An A&E nurse is surely going to resent stitching-up some self-inflicted, drink-soaked casualty when (s)he knows there’s some old age pensioner still waiting on a trolley somewhere. But that nurse isn’t then going to refuse to heal them, is (s)he? Likewise, prison wardens might be repulsed by some of the criminals under their protection, but they’re still duty-bound to stop them from coming to any harm.

Is a dislike for immigration really going to be so visceral that they’re unable to do their jobs properly? Maybe in some cases (in which case you remove them, and refuse to allow ‘but my party told me not to!’ as an excuse), but I’m sceptical that the incidence of teachers whose BNP membership makes them crap at their jobs is high enough to instigate a ban.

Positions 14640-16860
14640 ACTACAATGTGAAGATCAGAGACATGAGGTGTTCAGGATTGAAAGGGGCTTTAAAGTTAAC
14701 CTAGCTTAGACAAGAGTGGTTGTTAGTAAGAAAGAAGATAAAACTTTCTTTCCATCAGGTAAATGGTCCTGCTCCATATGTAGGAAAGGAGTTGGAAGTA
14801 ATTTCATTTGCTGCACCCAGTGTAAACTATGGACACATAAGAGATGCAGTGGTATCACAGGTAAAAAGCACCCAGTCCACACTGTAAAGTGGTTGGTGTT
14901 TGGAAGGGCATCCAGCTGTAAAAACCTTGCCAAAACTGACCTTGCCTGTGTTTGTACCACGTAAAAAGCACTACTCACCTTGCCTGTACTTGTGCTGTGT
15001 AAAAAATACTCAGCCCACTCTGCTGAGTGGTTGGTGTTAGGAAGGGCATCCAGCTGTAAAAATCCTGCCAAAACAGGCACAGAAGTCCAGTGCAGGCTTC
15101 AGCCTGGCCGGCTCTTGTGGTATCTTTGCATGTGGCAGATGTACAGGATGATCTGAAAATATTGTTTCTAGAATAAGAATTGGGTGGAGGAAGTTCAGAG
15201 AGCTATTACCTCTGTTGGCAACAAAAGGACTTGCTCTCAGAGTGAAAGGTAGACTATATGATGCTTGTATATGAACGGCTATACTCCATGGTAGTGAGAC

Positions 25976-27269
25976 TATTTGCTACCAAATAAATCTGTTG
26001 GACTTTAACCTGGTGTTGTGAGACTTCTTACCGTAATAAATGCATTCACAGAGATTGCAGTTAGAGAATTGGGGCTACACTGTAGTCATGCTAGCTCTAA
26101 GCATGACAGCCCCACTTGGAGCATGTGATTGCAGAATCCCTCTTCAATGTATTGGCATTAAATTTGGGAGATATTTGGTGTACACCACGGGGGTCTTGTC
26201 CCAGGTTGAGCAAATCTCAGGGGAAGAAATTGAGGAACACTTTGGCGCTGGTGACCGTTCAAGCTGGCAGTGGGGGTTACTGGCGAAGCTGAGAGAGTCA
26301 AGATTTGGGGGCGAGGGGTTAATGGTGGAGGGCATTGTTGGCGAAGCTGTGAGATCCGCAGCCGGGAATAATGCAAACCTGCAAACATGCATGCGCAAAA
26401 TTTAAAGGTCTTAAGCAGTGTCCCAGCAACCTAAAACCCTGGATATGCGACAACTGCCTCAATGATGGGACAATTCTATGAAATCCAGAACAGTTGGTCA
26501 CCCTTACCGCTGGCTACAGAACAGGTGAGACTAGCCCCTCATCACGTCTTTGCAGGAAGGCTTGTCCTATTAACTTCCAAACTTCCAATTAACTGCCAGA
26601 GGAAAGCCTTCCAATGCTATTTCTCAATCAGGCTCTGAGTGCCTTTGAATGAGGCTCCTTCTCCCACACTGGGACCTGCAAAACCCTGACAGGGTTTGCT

Ultimately, you want as few poor-quality teachers in the profession as possible, and membership of the BNP is inevitably going to raise questions about your professional integrity & judgement. But if you’re going to remove nationalist teachers, it should be for proven examples of professional misconduct, not for membership of a party which there’s no law against joining. If we’re going to beat the BNP, it’s not going to be by aping their tactics.


June 19, 2009 at 5:29 am | Posted in Uncategorized | 1 Comment

Yes, another one. I’m off to Cambridge for a friend’s wedding, so this is the most you’ll see for the next couple of days.

Hope you all have a nice weekend.

Goodnight, Jack: On ‘outing’ bloggers

June 16, 2009 at 9:34 pm | Posted in Blogging about blogging | 3 Comments